|Standard Documentation Formats - APA|
|Written by Margaret Procter, Writing Support|
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The social sciences, management studies, and many sciences emphasize the author and date as the most important information about a source. The American Psychological Association has developed the most commonly used system. The sixth edition of the Publication Manual of the APA (2009) offers very detailed advice on style, format, and documentation practices.
This system uses only initials for authors' given names, no quotation marks or angle brackets, minimal capitalization for titles of books and articles, and italics for volume numbers as well as journal titles.The latest edition of the Publication Manual also asks for Digital Object Identifier numbers (DOI), when available, to identify journal articles and other recent publications. DOIs are now supplied as part of publication information by nearly all journals and some book publishers. See the APA Frequently-Asked Questions page for further advice on this and other APA requirements. U of T students may access APA's online Style Guide to Electronic Resources. Strict APA style, as shown below, gives in-text page numbers only for quotations, not for paraphrases or summaries. However, many instructors prefer a modified system that gives page numbers for all references. Ask your instructor when to include page numbers.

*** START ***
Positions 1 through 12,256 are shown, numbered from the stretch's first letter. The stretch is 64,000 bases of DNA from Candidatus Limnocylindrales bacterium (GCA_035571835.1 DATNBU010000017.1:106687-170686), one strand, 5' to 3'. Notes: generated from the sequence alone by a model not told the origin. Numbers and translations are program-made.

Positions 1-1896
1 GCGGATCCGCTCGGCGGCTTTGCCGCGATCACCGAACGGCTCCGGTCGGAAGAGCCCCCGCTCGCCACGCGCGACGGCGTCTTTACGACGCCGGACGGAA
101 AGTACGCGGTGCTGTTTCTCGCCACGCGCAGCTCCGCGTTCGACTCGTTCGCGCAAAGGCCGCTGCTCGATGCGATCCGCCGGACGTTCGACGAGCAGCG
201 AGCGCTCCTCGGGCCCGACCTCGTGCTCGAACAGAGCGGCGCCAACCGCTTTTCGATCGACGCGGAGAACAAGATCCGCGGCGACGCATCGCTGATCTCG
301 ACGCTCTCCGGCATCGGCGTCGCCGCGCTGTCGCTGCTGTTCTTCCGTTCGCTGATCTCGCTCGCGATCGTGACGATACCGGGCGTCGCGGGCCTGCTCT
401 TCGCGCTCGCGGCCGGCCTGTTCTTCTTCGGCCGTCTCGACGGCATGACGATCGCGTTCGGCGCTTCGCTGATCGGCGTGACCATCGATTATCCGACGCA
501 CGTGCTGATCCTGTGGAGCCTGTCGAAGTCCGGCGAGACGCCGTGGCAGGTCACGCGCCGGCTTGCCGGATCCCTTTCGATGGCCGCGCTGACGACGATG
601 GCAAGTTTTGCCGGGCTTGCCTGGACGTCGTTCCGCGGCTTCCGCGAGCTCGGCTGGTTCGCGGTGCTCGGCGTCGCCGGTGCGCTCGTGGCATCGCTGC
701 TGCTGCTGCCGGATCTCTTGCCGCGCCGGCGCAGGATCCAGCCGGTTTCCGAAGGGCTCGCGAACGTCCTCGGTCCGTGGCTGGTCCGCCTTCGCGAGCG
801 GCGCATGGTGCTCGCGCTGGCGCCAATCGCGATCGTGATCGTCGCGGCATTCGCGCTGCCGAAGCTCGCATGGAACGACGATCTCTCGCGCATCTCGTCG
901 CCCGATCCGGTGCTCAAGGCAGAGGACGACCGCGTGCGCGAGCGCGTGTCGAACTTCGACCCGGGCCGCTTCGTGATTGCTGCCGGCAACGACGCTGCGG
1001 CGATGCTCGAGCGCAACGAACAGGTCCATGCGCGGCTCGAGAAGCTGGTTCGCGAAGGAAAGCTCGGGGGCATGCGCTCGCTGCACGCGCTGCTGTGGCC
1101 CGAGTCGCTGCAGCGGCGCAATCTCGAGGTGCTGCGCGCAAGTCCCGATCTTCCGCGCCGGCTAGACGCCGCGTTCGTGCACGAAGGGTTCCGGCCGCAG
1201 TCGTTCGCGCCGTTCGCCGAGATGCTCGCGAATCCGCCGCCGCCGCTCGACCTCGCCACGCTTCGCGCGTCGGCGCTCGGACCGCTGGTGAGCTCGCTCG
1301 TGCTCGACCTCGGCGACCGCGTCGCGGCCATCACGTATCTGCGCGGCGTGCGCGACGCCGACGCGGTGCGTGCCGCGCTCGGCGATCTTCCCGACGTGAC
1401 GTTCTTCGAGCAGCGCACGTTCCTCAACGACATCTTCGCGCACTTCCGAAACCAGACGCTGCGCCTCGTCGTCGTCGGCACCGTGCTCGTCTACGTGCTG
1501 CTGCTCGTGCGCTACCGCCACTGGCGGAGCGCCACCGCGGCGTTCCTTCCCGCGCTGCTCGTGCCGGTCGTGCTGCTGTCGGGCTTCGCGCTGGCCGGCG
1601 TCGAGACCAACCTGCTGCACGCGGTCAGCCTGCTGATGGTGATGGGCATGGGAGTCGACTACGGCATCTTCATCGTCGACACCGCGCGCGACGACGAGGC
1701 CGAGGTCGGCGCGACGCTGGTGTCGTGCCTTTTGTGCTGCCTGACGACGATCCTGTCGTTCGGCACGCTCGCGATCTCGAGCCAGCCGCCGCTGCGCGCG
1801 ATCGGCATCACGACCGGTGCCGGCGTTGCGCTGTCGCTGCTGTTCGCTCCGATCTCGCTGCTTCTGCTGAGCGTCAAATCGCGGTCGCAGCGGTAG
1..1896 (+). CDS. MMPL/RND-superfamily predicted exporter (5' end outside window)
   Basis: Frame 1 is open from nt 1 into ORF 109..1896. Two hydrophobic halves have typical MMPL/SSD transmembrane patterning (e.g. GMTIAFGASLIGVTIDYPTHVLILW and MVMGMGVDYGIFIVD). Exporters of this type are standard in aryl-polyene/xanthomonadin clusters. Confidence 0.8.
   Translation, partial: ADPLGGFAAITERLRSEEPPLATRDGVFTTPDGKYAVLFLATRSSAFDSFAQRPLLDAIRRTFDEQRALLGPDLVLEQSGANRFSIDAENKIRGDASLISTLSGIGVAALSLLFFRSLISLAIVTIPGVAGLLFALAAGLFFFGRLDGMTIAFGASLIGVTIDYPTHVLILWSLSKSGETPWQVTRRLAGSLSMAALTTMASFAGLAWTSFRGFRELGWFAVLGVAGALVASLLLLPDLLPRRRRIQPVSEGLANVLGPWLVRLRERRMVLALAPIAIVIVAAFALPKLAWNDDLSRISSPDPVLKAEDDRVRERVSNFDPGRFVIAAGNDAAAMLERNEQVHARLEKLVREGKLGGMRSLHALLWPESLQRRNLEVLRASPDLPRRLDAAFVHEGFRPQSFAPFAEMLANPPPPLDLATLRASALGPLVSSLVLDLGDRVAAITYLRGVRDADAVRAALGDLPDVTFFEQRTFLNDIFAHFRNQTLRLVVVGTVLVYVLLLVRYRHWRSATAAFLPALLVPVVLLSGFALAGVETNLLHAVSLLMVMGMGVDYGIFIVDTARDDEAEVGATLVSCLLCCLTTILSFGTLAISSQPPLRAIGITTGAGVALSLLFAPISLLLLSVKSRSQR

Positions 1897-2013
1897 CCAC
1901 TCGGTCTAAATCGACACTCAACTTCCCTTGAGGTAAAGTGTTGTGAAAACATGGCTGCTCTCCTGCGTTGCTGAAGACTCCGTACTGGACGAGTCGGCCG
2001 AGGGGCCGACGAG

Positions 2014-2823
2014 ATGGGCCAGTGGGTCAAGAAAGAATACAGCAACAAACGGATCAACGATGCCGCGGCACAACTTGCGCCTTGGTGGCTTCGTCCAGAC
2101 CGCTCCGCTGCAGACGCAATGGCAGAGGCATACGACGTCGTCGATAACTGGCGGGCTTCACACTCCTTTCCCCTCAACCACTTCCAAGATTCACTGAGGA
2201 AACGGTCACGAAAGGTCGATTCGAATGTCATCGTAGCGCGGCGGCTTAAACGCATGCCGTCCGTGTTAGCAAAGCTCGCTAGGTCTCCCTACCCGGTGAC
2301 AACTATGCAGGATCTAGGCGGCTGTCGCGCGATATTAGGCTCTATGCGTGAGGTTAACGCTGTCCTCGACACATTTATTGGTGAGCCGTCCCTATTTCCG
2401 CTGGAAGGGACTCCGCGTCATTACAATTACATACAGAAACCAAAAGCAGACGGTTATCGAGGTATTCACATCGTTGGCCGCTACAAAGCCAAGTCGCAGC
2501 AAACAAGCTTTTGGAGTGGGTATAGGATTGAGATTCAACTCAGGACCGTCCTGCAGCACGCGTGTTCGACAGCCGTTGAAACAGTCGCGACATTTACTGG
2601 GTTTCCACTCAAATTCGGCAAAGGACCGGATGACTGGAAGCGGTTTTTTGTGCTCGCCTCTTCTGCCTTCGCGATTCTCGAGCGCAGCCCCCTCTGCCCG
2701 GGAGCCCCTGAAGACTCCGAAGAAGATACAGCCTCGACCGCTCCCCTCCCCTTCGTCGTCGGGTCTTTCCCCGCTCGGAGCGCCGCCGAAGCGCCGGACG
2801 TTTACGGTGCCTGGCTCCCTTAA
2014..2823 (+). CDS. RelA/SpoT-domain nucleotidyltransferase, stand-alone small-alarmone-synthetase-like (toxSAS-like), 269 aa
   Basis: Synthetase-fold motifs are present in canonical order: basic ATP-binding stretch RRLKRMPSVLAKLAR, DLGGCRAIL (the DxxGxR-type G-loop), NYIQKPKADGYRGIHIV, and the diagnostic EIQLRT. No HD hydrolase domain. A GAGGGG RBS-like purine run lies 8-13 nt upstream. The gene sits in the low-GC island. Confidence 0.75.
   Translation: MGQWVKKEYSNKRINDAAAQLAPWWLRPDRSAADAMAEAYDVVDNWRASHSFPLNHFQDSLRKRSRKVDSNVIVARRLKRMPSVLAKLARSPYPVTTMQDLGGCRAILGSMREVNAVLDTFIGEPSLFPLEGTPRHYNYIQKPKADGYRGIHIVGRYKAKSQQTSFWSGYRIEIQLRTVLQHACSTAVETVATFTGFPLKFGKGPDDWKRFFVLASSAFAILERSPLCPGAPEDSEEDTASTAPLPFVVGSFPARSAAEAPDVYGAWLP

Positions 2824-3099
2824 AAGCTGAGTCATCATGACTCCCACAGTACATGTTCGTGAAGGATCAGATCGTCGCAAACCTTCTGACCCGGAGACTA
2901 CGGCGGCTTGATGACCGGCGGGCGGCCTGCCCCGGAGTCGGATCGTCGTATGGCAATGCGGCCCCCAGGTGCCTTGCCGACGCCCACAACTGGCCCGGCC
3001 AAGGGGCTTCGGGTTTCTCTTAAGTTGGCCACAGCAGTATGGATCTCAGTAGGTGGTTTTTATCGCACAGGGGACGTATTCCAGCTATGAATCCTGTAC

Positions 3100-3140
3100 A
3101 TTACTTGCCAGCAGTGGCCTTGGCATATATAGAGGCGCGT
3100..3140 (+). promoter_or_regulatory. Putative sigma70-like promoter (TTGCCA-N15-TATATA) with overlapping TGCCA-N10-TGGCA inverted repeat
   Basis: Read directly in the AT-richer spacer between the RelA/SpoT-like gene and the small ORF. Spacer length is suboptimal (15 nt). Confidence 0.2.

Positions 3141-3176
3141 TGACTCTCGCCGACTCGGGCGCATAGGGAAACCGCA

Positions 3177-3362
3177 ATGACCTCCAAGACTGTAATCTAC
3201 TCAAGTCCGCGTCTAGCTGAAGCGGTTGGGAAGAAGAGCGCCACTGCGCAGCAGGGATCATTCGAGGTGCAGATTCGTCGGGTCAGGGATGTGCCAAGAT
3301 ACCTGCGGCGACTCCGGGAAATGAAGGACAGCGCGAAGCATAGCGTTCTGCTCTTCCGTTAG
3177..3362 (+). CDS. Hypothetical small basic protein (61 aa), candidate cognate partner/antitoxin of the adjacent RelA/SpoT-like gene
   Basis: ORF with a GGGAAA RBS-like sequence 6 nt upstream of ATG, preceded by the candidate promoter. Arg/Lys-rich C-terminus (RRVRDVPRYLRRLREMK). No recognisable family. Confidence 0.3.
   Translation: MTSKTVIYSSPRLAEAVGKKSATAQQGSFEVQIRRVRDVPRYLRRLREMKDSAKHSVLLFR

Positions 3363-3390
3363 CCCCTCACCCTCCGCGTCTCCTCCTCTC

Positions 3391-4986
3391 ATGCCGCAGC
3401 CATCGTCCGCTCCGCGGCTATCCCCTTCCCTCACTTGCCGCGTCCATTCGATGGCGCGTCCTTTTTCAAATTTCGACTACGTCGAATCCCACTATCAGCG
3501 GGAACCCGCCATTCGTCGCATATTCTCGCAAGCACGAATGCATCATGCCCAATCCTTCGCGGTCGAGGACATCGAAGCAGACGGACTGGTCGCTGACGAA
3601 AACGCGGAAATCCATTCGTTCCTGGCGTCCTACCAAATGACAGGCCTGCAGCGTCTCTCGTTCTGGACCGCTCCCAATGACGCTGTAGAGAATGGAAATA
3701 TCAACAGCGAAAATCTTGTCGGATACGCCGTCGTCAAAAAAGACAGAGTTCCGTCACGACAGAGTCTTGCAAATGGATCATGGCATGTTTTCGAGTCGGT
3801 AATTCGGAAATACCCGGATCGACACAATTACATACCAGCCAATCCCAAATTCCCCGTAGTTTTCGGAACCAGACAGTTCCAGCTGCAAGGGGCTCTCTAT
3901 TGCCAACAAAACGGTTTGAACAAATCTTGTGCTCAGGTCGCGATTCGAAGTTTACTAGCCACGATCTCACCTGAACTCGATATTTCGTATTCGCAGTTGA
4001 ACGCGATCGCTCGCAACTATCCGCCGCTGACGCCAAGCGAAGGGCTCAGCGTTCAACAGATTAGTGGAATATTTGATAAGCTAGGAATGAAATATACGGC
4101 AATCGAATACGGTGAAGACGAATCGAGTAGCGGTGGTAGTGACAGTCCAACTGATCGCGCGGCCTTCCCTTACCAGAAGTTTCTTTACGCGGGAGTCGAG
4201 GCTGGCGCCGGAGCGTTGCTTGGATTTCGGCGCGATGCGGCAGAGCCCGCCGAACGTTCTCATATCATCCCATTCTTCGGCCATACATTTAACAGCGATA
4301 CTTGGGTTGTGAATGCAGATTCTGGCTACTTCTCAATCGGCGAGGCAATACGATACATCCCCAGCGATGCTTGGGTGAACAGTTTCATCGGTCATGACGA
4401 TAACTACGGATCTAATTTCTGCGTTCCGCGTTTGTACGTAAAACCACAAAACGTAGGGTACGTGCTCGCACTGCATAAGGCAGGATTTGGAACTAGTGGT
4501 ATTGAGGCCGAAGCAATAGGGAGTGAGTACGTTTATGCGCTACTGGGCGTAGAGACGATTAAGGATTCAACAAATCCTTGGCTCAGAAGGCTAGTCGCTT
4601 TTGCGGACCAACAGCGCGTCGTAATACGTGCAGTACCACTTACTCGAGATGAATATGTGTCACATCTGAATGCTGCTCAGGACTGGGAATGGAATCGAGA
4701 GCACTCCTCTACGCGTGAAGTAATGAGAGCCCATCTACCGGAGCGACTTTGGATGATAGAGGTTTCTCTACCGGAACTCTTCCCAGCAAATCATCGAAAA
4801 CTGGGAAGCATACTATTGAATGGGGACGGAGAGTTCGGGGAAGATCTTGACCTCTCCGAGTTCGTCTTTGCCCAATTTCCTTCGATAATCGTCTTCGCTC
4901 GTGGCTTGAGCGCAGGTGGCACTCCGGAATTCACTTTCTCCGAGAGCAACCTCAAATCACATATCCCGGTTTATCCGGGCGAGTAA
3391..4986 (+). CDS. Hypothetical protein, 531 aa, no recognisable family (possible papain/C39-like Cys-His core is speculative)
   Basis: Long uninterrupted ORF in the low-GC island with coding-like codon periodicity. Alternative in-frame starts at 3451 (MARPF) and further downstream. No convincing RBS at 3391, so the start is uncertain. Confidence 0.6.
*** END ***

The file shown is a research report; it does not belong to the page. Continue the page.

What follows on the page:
Students using the APA system are usually asked to format their papers as if they were manuscripts being prepared for publication; that's why the examples here and in the APA Publication Manual don't look exactly like what you see in journals or books. The example below follows strict APA manuscript format. (Note also that it uses past tense for summarizing sources, unlike the use of present tense in Humanities systems.)